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“Problem Species” of the Savannah River Site, Such as Brimley’s Chorus Frog (Pseudacris brimleyi), Demonstrate the Hidden Biodiversity Concept on an Intensively Studied Government Reserve
Thomas M. Luhring

Southeastern Naturalist, Volume 7, Number 2 (2008): 371–373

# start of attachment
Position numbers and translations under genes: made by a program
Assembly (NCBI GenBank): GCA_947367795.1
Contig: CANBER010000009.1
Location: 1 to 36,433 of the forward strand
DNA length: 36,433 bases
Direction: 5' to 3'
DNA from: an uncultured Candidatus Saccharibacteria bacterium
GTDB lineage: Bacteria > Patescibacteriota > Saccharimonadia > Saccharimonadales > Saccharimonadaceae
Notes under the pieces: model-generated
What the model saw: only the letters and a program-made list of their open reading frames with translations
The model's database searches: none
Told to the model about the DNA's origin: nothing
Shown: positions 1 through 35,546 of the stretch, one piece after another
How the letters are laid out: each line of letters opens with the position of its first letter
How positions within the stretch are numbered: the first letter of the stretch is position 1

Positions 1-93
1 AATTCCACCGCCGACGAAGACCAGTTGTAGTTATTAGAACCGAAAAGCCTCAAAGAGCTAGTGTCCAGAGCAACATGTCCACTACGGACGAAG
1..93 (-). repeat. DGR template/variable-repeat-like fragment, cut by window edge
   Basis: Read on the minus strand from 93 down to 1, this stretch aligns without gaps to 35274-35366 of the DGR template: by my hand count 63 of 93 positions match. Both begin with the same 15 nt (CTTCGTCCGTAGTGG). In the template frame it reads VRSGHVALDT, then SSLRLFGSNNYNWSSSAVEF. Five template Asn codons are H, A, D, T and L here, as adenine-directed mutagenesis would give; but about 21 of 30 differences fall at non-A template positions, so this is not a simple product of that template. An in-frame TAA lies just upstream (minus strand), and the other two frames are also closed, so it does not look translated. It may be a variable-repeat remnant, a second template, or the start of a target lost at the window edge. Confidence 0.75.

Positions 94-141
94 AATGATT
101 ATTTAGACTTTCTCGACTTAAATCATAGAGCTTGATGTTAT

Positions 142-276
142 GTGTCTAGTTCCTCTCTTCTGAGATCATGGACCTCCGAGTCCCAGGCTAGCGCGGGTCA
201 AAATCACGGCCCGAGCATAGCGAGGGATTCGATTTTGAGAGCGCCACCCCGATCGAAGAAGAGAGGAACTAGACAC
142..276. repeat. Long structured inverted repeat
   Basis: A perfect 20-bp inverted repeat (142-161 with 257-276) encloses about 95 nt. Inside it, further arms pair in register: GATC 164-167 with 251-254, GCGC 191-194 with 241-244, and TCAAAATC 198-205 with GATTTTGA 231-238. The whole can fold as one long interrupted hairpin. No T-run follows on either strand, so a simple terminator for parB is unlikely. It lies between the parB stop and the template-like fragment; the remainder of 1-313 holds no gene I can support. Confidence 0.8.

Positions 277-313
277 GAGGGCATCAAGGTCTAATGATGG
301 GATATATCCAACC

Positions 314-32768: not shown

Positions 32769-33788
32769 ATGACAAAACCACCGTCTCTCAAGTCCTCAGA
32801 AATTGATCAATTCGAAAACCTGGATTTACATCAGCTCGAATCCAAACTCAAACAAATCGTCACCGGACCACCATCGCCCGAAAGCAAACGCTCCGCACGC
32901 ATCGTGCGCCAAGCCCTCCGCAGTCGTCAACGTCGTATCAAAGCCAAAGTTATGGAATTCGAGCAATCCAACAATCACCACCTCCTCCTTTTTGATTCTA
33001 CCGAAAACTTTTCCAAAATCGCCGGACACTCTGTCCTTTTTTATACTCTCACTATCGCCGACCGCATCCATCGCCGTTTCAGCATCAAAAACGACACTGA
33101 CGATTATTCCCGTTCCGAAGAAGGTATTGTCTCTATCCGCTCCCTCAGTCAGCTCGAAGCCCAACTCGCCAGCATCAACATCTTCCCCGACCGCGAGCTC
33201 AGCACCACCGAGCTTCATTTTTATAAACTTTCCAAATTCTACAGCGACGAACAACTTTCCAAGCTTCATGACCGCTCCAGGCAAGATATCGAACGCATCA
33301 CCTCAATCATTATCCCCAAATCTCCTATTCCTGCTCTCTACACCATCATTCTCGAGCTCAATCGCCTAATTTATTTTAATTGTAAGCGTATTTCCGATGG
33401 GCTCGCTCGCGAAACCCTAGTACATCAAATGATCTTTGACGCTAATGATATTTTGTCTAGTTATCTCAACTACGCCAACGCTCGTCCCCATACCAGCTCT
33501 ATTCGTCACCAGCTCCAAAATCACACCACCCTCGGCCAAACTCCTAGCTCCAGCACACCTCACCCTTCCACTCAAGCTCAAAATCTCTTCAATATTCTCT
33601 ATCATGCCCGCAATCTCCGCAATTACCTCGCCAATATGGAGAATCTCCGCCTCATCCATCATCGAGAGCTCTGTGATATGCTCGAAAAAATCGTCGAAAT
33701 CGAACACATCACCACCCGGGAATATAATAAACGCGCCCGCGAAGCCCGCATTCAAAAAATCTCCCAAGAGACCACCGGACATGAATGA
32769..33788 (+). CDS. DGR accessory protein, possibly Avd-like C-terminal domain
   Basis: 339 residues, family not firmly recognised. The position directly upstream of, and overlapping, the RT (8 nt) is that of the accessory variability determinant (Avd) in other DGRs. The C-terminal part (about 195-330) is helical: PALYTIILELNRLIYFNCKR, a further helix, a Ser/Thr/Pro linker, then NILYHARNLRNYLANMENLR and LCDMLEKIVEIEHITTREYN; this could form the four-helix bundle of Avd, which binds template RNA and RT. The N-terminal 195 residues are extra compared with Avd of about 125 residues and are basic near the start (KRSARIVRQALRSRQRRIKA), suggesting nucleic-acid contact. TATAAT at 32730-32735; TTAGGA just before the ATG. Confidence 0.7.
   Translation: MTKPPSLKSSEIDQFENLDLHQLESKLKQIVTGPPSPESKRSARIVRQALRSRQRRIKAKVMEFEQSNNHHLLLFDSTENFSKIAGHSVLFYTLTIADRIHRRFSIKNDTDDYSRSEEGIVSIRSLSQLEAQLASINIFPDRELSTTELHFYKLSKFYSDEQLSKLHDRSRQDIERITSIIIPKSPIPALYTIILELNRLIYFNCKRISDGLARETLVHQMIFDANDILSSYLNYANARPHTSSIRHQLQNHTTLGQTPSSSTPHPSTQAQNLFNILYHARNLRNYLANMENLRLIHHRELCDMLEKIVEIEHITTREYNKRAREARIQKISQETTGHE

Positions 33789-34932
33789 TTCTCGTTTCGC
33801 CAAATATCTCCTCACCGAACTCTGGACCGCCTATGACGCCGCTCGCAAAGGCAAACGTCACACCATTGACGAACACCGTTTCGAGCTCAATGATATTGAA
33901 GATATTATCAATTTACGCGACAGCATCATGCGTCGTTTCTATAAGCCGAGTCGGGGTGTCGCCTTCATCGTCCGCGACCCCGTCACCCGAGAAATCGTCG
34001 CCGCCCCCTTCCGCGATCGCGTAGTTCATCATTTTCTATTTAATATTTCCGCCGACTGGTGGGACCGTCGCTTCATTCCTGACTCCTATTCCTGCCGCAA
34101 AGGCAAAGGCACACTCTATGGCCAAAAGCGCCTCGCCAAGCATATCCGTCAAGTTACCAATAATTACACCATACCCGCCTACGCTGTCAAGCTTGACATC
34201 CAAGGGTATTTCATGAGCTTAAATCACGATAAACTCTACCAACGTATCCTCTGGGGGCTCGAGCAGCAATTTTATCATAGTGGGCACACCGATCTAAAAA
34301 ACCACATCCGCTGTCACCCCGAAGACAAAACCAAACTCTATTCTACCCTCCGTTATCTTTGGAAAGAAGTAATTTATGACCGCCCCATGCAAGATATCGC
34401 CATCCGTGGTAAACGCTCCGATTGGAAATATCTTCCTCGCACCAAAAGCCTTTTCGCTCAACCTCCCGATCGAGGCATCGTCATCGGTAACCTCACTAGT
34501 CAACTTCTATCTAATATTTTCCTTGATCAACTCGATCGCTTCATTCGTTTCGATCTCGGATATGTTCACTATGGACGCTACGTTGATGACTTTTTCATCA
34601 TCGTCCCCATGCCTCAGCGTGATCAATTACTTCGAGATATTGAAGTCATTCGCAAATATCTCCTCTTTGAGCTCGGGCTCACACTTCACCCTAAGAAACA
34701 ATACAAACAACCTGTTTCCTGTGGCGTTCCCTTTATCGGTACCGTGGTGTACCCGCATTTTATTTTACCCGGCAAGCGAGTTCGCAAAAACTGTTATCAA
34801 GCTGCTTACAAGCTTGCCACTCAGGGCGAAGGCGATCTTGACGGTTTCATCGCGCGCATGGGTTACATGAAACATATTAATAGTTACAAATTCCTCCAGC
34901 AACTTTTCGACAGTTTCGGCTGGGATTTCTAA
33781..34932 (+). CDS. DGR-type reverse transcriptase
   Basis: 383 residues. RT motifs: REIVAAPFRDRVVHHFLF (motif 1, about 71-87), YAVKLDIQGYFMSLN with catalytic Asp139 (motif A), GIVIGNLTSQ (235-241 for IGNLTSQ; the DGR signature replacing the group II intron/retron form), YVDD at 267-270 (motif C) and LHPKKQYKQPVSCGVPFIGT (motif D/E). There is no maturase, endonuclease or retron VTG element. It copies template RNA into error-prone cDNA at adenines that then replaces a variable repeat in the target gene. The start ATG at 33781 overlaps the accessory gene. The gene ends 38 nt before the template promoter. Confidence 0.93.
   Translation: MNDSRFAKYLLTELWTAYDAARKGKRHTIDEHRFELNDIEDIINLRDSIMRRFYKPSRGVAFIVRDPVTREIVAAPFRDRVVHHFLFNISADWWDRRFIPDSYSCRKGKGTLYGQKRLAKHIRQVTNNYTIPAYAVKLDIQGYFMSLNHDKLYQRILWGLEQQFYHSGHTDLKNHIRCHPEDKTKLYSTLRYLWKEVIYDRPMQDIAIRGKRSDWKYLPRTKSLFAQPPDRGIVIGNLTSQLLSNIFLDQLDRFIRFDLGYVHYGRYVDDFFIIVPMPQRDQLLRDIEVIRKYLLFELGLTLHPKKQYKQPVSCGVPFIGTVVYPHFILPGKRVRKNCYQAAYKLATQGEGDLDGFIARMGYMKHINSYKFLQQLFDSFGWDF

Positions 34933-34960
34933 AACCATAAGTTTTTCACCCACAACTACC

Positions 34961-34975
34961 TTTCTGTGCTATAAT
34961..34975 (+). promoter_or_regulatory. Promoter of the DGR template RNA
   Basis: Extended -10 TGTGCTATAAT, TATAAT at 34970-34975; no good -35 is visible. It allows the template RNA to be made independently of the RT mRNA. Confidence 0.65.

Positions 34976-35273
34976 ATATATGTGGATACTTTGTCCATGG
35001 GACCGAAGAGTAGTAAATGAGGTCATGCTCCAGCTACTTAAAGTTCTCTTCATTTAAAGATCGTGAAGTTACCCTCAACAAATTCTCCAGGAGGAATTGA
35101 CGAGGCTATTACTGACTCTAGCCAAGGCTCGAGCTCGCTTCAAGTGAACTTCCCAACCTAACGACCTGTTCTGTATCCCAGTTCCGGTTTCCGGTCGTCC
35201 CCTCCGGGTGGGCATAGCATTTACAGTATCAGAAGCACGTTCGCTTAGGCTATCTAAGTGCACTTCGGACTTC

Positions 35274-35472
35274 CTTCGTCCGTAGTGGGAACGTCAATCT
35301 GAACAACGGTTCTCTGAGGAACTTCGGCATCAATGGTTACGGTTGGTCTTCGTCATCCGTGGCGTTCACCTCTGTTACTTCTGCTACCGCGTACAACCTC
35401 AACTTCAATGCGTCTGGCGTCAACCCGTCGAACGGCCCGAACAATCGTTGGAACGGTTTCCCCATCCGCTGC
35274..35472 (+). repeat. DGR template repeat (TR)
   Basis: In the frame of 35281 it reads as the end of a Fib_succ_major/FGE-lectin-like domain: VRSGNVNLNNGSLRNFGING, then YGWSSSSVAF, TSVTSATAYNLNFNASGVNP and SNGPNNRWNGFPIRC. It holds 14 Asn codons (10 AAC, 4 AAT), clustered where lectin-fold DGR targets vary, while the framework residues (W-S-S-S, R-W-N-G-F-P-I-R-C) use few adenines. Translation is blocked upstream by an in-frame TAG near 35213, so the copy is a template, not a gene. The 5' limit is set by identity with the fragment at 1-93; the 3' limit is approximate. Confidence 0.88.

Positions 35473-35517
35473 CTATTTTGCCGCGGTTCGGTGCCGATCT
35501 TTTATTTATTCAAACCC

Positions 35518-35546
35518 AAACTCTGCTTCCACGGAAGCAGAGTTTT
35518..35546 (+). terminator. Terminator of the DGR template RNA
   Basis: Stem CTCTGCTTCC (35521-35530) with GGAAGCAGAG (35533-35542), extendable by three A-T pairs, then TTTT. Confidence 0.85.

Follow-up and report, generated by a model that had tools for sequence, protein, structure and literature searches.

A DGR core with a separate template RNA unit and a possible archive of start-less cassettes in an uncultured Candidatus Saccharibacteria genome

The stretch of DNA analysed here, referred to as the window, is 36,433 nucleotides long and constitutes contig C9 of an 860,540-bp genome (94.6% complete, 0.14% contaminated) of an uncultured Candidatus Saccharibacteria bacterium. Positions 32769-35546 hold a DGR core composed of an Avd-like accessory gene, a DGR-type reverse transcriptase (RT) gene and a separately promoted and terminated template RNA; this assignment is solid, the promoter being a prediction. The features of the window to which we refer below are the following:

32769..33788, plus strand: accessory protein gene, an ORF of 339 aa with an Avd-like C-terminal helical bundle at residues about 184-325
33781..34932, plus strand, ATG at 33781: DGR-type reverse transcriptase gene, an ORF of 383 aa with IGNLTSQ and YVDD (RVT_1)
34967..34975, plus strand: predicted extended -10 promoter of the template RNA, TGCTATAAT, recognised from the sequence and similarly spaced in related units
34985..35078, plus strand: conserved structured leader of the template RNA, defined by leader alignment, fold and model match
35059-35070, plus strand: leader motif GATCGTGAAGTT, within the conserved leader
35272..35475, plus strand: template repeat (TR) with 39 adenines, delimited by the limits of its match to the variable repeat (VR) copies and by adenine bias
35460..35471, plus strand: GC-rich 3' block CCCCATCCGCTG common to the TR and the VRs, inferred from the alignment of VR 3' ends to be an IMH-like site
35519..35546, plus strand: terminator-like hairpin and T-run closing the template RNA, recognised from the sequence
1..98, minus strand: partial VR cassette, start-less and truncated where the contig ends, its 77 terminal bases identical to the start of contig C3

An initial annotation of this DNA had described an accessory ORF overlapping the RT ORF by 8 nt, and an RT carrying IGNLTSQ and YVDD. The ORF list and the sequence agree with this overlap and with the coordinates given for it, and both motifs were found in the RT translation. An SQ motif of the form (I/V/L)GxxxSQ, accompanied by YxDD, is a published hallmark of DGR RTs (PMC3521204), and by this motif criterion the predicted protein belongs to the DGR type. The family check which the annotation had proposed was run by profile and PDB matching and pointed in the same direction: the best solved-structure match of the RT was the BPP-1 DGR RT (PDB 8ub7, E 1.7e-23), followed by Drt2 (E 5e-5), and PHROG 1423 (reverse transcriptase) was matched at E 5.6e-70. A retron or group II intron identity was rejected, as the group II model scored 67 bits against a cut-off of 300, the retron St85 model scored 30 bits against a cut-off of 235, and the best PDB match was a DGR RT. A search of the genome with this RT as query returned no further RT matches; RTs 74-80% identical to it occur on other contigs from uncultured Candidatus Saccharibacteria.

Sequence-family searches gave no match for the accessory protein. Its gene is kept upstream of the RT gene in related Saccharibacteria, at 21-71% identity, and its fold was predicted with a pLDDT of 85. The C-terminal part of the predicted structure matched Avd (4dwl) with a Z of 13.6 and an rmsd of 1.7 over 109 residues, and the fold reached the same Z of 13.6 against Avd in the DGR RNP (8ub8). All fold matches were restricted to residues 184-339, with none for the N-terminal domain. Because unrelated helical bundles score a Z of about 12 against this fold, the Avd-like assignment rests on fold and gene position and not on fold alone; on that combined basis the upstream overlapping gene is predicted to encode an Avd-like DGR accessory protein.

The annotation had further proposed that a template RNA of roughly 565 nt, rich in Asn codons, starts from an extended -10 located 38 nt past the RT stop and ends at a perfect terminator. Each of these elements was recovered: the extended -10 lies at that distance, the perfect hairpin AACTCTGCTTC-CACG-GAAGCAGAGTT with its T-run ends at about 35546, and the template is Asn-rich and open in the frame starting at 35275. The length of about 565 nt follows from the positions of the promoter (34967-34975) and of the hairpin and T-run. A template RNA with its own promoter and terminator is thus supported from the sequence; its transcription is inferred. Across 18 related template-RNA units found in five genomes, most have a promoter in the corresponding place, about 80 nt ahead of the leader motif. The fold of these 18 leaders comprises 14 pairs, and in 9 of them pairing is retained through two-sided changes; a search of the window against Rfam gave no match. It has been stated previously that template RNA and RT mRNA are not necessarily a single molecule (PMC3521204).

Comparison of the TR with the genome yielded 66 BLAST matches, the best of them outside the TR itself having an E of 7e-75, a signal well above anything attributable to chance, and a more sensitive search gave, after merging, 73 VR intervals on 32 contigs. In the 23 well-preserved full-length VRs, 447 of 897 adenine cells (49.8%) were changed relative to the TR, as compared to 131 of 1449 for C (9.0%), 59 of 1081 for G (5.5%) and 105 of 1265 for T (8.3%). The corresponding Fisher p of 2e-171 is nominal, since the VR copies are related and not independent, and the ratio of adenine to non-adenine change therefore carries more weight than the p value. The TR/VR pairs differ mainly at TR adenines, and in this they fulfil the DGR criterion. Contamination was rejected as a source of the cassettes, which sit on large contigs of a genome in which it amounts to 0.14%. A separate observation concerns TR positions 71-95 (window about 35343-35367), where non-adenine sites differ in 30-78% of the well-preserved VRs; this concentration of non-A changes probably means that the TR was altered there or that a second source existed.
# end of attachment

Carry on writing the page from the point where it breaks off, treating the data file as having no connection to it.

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“Problem Species” of the Savannah River Site, Such as Brimley’s Chorus Frog (Pseudacris brimleyi), Demonstrate the Hidden Biodiversity Concept on an Intensively Studied Government Reserve Thomas M. Luhring* Abstract - After more than five decades of intensive research on a wide variety of reptiles and amphibians at the Savannah River Site, the known occurrence of some members of the herpetofauna remains unresolved. One such “problem species,” Pseudacris brimleyi (Brimley’s Chorus Frog), was recently found for the first time in over 50 years. The rediscovery of this cryptic species shows how the concept of hidden biodiversity not only applies to the general public, but to the scientific community as well. In a comprehensive review of herpetofaunal distribution on the 80,267-ha Savannah River Site (SRS), Gibbons and Semlitsch (1991) listed 20 species as “problem species” for which presence or absence was questionable due to similarity of appearance to other species, unresolved records, or lack of a recent verification. Pseudacris brimleyi Brandt and Walker (Brimley’s Chorus Frog), is listed as one of these “unresolved records” since no records were reported after it was originally listed as occurring along the northern perimeter of the SRS in the early 1950s (Freeman 1956). Despite many intensive site-wide herpetological surveys on the SRS and a number of on-going long-term studies over the last several decades, no further P. brimleyi were detected. On 5 February 2007, at around 2200 hrs, I recorded multiple calls of P. brimleyi from one of a series of seasonal sloughs located along Risher Pond Road in the southwest corner of the SRS. Identification of the calls was verified by M.E. Dorcas (Davidson College, Davidson, NC) and J.W. Gibbons (Savannah River Ecology Laboratory, Aiken, SC) as being those of P. brimleyi. Recordings were deposited at the Smithsonian Institution (USNM recording 331, cuts 1–4). I heard but did not record additional calls on the following night in a river swamp south of the first site. All observations were made on general field excursions that were not purposely aimed at detecting this species. Numerous studies have taken place in the same aquatic system (e.g., Willson et al. 2005) where P. brimleyi was eventually rediscovered, and more than 70 publications have been associated with research on Risher Pond, a nearby Department of Energy Set-aside Area, (see Davis and Janecek 1997 for a partial list). While a large volume of research was conducted in the immediate area, most of the studies there were not specifically designed to detect frogs and were biased toward warmermonth sampling or sampling for other taxonomic groups (e.g., using minnow traps to catch aquatic snakes and salamanders, using hoop nets to catch turtles). Devices specially created to detect anuran species called “frog-loggers” or automated recording systems (e.g., Bridges and Dorcas 2000) were deployed at six wetlands for over a year across the SRS (M.E. Dorcas, pers. comm.) without a single record of P. brimleyi. While frog-loggers easily detect cosmopolitan species and the dominant group of vocalizing anurans in a wetland, they may be unable to reliably verify the presence of anurans that call less frequently or with less volume. In fact, I had been at the first wetland for nearly an hour before I was able to hear the call of P. brimleyi during a lull in the calling activity of Pseudacris crucifer Wied-NeuWied (Spring Peeper). Notes of the Southeastern Nat u ral ist, Issue 7/2, 2008 371 372 Southeastern Naturalist Notes Vol. 7, No. 2 Short-term survey and passive survey efforts for reptiles and amphibians may fail to detect species that are less obvious. Another limitation inherent in finite surveys is that as habitat and vegetative communities change, species presence may shift and abundance may change. Surveys that incorporate a variety of techniques, including opportunistic captures/sightings, are better at detecting a higher diversity of species (Luhring 2007, Ryan et al. 2002). While there were no opportunistic sightings from researchers working in the area, they were most likely not present in the area at the right time or using the most efficient methods to detect their presence. In this case, P. brimleyi had a limited detection capability as their calls were heard from only two locations for a couple of days after rainfall in early February. Other anuran species present at the same two wetlands called for a month or longer after P. brimleyi stopped calling (T.M. Luhring, unpubl. data) and are listed as occurring in the area in most surveys. Seasonally cryptic (only detectable during brief periods) species and species that are generally harder to detect should receive special attention (targeted surveys) in inventory efforts. Amphibians can also colonize previously unsuitable areas when suitable habitat and breeding locations, notably fishless wetlands, become available (Dodd and Barichivich 2007). While the initial record of P. brimleyi was from the northern perimeter of the SRS, this subsequent record is from the southern perimeter. Many factors, such as timber harvest and natural habitat succession, may have affected the suitability of habitat at the original site and the site of most recent capture. Also, these may be smaller populations located along the periphery of the species range and more vulnerable to stochastic population changes. Land managers and management agencies should regularly repeat inventories because species presence/absence is seldom static. Regular inventories would be especially important for intensively managed areas or habitats undergoing major changes. "Hidden biodiversity" (fl ora and fauna that, despite being present and often prevalent in an area, go undetected or unnoticed) was originally used to refer to local animals that were unknown to the general public (Gibbons 2003). Whether it is their secretive nature, similarity of appearance to more cosmopolitan species, or actual rareness along the periphery of their ranges, some species seem relatively difficult to detect even for subject-matter experts. In this case, P. brimleyi have eluded detection for more than 50 years despite intensive sampling efforts by many scientists on the SRS. One possible explanation is that P. brimleyi were absent from the SRS for 50 years and recently recolonized suitable habitat. However, it is equally plausible and my personal opinion that viable reservoirs of the population remained in the relatively undisturbed and less intensively studied river swamp to the south of the slough. This distribution made the detection of an already aurally and visually cryptic species even more unlikely. The difficulty of documenting P. brimleyi on the SRS demonstrates that especially cryptic species may persist undetected in suitable habitat for decades or longer even when those areas have been extensively studied. Management decisions dependent on the perceived absence of a cryptic species should be made with the utmost caution, a high volume of targeted survey effort, and long-term data sets because hidden biodiversity can remain hidden to the most qualified of experts. Acknowledgments. I thank M.E. Dorcas and J.W. Gibbons for verifying frog calls from the recording and J.W. Gibbons, in particular, for his encouragement and vision to take this observation further. Suggestions from G.R. Cline, J.C. Maerz, B.D. Todd, and two anonymous reviewers greatly improved the manuscript. Manuscript preparation was supported by the Department of Energy under Award Number DEFC09- 07SR22506 to the University of Georgia Research Foundation. 2008 Southeastern Naturalist Notes 373 Literature Cited Bridges, A.S., and M.E. Dorcas. 2000. Temporal variation in anuran calling behavior: Implications for surveys and monitoring programs. Copeia 2000:587–592. Davis, C.E., and L.J. Janecek. 1997. DOE research set-asides areas of the Savannah River Site. National Environmental Research Park Program, Department or Energy, Savannah River Ecology Laboratory Aiken, SC. SRO-NERP25. Dodd, C.K., Jr., and W.J. Barichivich. 2007. Establishing a baseline and faunal history in amphibian monitoring programs: The amphibians of Harris Neck, GA. Southeastern Naturalist 6:125–134. Freeman, H.W. 1956. Amphibians and reptiles of the SRP Area, Salientia. University of South Carolina Publication Series III 2:26–35. Gibbons, J.W., 2003. Societal values and attitudes: Their history and sociological infl uences on amphibian conservation problems. Pp. 214–227, In R.D. Semlitsch (Ed.). Amphibian Conservation. Smithsonian Institution Press, Washington, DC. 324 pp. Gibbons, J.W., and R.D. Semlitsch. 1991. Guide to the Reptiles and Amphibians of the Savannah River Site. University of Georgia Press, Athens, GA. 131 pp. Luhring, T.M. 2007. Reptiles and amphibians of Boy Scout Camp Linwood-Hayne: Results from an undergraduate-initiated three-year opportunistic inventory. Georgia Journal of Science 65:104–111. Ryan, T.J., Philippi, T., Leiden, Y.A., Dorcas, M.E., Wigley, T.B., and J.W. Gibbons. 2002. Monitoring herpetofauna in a managed forest landscape: Effects of habitat types and census techniques. Forest Ecology and Management 167:83–90. Willson, J.D., Winne, C.T., and L.A. Fedewa. 2005. Unveiling escape and capture rates of aquatic snakes and salamanders (Siren spp. and Amphiuma means) in commercial funnel traps. Journal of Freshwater Ecology 20:397–403. *Savannah River Ecology Laboratory, Drawer E, Aiken, SC 29803; luhring@srel.edu.